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Management of coronary heart disease in women

Author
Pamela S Douglas, MD
Section Editor
Juan Carlos Kaski, DSc, MD, DM (Hons), FRCP, FESC, FACC, FAHA
Deputy Editor
Gordon M Saperia, MD, FACC

INTRODUCTION

Cardiovascular diseases are the most common cause of death and disability in women in the United States [1,2]. Although there has been a reduction in the death rate from coronary heart disease (CHD) since 1980 (figure 1), CHD still accounted for 35 percent of all-cause mortality in women in 1995 [2]. Between the ages of 45 to 64, one in nine women develops symptoms of some form of cardiovascular disease. After age 65, the ratio climbs to one in three women, according to the National Center for Health Statistics.

There are significant differences between men and women in the epidemiology, diagnosis, treatment and prognosis of CHD that should be taken into account in the care of women with known or suspected disease (figure 2A-B). Unfortunately, data from clinical trials about the management of women with an acute coronary syndrome (myocardial infarction or unstable angina) are limited, since women are generally underrepresented in randomized controlled studies [3]. Furthermore, most available data suggest that women are not referred as often as men for appropriate diagnostic and/or therapeutic procedures. (See 'Coronary reperfusion' below.)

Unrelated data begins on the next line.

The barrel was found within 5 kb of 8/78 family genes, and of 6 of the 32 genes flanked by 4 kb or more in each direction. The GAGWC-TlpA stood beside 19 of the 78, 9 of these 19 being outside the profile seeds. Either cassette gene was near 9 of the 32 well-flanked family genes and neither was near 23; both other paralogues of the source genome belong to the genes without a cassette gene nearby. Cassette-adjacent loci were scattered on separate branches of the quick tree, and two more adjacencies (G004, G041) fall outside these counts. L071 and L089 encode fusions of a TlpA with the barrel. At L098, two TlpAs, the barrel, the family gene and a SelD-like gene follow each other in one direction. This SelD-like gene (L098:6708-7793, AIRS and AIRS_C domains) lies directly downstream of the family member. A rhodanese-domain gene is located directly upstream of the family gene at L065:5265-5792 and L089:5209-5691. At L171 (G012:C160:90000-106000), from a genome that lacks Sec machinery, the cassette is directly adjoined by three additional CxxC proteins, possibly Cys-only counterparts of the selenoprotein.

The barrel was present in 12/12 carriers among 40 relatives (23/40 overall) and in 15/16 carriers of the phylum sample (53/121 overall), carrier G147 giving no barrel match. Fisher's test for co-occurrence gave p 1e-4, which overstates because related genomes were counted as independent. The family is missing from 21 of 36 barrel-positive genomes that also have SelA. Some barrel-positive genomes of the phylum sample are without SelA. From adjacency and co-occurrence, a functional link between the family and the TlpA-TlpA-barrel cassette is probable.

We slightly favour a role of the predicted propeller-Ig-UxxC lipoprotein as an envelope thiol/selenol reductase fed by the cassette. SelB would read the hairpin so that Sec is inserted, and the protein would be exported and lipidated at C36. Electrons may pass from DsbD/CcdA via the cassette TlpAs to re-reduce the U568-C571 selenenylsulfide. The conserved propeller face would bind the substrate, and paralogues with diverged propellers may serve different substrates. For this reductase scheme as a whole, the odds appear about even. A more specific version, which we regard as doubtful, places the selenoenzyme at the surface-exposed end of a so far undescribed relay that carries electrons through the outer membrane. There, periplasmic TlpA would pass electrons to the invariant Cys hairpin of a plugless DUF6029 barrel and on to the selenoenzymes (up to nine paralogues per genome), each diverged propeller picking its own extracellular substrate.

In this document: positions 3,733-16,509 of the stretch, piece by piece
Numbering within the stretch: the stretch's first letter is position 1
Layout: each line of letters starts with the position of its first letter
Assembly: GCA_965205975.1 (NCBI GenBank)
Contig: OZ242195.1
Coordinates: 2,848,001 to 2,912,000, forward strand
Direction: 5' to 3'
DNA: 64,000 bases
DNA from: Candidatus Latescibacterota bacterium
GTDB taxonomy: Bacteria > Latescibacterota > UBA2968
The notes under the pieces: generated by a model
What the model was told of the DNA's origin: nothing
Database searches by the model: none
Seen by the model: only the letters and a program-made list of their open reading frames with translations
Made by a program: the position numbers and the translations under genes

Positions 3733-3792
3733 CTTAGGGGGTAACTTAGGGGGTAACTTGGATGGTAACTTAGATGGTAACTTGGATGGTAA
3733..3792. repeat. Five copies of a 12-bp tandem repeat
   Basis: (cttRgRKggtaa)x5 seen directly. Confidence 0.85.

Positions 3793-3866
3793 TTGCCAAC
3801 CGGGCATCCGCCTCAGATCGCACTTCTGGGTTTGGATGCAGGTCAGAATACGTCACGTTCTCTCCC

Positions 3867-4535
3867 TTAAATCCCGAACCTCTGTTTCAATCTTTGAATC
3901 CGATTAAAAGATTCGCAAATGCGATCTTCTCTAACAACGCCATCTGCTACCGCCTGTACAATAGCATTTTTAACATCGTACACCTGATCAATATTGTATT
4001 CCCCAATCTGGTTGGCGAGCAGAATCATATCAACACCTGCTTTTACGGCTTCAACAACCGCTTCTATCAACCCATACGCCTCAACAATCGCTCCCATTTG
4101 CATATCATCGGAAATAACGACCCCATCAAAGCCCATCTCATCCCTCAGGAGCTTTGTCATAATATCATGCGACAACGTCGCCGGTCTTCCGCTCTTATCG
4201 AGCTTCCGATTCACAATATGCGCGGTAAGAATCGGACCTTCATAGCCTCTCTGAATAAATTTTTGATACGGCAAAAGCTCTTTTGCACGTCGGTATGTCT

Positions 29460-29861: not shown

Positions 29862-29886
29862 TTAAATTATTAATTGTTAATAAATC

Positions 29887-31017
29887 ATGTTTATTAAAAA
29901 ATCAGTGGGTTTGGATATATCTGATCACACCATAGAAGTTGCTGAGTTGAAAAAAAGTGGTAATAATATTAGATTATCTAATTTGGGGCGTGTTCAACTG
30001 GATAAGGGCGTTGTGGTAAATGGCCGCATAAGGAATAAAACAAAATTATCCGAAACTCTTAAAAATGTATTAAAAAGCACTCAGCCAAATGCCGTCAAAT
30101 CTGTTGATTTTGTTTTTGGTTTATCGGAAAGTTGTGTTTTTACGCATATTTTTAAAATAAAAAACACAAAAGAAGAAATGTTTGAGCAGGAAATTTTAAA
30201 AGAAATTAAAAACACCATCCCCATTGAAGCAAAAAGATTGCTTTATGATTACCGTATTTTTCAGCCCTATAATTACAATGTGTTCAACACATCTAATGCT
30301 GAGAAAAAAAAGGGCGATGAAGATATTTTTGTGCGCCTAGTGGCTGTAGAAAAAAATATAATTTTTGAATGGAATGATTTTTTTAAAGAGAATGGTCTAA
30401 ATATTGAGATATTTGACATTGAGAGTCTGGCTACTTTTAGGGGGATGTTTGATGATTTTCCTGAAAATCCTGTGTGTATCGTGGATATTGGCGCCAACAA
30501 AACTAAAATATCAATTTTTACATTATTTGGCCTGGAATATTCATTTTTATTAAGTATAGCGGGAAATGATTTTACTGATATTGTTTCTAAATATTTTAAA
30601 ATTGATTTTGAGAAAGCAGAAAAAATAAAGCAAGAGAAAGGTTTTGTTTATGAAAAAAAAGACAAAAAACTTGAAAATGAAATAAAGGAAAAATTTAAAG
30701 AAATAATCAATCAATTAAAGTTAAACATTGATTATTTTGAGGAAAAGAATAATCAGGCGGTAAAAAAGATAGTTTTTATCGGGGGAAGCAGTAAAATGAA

A repeating theme that will be described below is that unadjusted outcomes are often worse in women than men. However, with issues such as an early invasive strategy in non-ST elevation syndromes, fibrinolytic therapy or primary percutaneous coronary intervention in ST elevation myocardial infarction, and percutaneous coronary intervention in general, these differences are almost entirely due to confounding risk factors (eg, older age, more diabetes, more hypertension), not female sex [4-8].

The management of CHD in women will be reviewed here. The clinical features, including diagnosis of CHD in women, the outcome after acute myocardial infarction (AMI), and the problem of CHD in young women are discussed separately. (See "Clinical features and diagnosis of coronary heart disease in women" and "Coronary heart disease and myocardial infarction in young men and women".)

The success rate of therapy for CHD is similar in women and men; however, the complication rates differ, resulting in a sex specific profile of benefit (see below).

                     

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Literature review current through: Nov 2016. | This topic last updated: Tue Apr 28 00:00:00 GMT+00:00 2015.
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